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The Story of Forgetting
A Novel
Written by Stefan Merrill Block

The Story of Forgetting
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Category: Fiction - Literary; Fiction - Family Saga
Imprint: Random House Trade Paperbacks
Format: Trade Paperback
Pub Date: April 2009
Price: $15.00
Can. Price: $17.00
ISBN: 978-0-8129-7982-4 (0-8129-7982-6)
Pages: 352
Also available as an eBook.


BEHIND THE BOOK

 
On the Origins of The Story of Forgetting  
Stefan Merrill Block  


When I was a small child, my grandmother was diagnosed with probable Alzheimer’s disease. At that time, I hardly knew what the disease was (I thought the word was “old-timer’s”). For the first year or two of her decline, her symptoms were subtle and I was too young to notice anything unusual. By the time my mom invited my grandmother to come stay with us, however, the disease was in its middle stages, and I was old enough to understand that something was deeply wrong. Just before my grandmother arrived, my mom explained to me what I should expect: Cognitively, I was now more advanced than she. Difficult as it was to comprehend, I would now have to think of myself as more mature than my grandmother. I would have to watch out for her, like a brother would for his little sister. During this conversation, my mom also made me aware, for the first time, of our genetic inheritance: When my mom made a list of her mother’s ancestors, nearly everyone, on both her father’s side and her mother’s side, had developed Alzheimer’s disease.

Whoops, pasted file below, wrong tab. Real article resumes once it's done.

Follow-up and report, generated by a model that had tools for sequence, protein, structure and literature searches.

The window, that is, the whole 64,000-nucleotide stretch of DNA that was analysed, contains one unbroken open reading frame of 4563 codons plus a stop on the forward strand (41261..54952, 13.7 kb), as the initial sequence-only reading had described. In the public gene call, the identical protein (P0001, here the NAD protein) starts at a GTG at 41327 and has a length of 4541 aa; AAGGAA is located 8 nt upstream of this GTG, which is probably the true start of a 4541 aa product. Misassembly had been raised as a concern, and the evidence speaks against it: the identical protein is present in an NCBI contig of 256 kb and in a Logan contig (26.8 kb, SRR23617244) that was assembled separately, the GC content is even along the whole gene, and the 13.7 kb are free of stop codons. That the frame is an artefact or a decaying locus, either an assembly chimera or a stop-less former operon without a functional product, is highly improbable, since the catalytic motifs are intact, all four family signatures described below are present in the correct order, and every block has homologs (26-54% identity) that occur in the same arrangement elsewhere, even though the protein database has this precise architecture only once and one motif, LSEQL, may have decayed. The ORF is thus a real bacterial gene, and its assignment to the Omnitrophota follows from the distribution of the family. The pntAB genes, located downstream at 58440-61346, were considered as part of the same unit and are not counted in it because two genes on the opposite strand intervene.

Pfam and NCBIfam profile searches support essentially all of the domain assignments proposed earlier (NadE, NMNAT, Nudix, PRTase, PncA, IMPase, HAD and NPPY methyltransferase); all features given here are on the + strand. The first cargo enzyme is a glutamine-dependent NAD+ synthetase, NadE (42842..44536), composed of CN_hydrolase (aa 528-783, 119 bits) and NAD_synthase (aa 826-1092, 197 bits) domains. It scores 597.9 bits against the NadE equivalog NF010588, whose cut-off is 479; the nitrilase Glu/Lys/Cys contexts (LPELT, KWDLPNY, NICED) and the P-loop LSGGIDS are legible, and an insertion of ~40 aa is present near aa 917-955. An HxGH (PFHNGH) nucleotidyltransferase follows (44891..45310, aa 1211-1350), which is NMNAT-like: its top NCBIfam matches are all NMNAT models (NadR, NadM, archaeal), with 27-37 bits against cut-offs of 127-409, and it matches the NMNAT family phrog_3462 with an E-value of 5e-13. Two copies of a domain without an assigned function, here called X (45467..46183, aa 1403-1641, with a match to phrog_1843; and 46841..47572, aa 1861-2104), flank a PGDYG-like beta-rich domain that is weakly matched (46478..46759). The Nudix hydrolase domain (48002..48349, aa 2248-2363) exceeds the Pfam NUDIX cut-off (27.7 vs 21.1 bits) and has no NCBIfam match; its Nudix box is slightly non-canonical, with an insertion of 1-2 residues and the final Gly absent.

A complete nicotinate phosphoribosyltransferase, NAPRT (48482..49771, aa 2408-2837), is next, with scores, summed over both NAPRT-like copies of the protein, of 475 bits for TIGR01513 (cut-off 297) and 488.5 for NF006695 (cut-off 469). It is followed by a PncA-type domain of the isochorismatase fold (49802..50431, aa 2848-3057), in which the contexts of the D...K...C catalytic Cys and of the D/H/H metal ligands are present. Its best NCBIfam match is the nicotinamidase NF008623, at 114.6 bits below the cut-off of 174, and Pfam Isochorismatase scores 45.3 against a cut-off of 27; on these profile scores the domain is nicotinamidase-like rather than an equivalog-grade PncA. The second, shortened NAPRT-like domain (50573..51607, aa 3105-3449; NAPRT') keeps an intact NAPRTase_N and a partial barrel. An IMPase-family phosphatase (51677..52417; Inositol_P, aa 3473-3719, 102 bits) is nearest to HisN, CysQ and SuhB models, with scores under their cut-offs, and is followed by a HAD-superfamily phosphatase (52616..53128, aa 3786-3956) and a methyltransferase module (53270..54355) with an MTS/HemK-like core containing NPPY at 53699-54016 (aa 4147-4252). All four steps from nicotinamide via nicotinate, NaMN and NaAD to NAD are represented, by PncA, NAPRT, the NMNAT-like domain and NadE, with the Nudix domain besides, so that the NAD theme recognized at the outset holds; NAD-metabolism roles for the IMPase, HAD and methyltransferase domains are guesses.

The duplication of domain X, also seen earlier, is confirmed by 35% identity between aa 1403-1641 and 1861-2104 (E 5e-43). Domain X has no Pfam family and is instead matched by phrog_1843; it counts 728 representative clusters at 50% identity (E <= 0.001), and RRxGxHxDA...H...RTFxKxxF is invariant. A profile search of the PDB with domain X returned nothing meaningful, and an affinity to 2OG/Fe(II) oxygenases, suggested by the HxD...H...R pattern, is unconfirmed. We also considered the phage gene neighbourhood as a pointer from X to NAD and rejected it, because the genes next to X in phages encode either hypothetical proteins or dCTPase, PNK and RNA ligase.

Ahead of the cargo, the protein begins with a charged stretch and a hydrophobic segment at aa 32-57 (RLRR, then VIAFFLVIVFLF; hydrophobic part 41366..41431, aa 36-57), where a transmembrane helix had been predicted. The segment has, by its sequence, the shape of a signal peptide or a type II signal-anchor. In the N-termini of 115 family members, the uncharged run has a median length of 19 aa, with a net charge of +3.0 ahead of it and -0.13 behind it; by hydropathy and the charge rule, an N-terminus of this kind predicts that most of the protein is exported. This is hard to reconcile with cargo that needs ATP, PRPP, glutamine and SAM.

Years later, while struggling to begin my first book, I often thought about my grandmother and our family’s disease. Days before I took a trip home to Texas for the holidays, I read David Shenk’s The Forgetting: Alzheimer’s: Portrait of an Epidemic. Reading Shenk’s detailed account of the epic pathology of Alzheimer’s disease, I continually compared his descriptions with my family’s experiences. And my first night back in Texas, having dinner with my family, a sickening thought: In the disease ’s persistent march through the generations of our family, was it already starting to come for my mom? How could I know whether it was an early effect of the disease or simply my mom’s lifelong touch of flightiness that gave her difficulty in instantly conjuring my name, or remembering stories I had told her over the phone just days before? I began to think about the terrible and inevitable role reversal that has taken place in every generation of my mom’s family, the time when the child must become the parent’s caretaker. I was terrified, of course, but I also felt something else: something overwhelming in the absolute power of history as expressed in our genetic material. It seemed to me that our inextinguishable, undeniable genetic inheritance touches upon something essential about what it means to be a part of a family.  In the months of writing that preceded this trip to Texas, I had experimented with a lot of narrative voices, but I hadn’t yet been able to master a voice that I felt I could fully embody and enjoy. I had, in fact, written over fifteen hundred pages. Essentially nothing of what I wrote in the first nine or ten months now remains. In those early months, I often wrote myself into corners; desperate for ways out, I grasped at new plot lines that quickly disintegrated under the strain. It was often torturous. In hindsight it feels like that early work was dictated by some homunculus residing in my subconscious–some invisible foreman who knew better than I what I was doing, who knew what I really wanted to write, who directed me, through failure after failure, toward the writing of what became a very personal novel, steeped in my actual experiences. Just days after my trip home to Dallas, through some confluence of my thoughts about Texas, my family, and Alzheimer’s disease, I opened my word processor and the voice of Abel Haggard simply came. The remarkable difference from everything else I had written up to that point was that with Abel I didn’t need to plan what I would write in advance; I just wrote and the details and stories materialized, until eventually the writing felt more like remembering than imagining.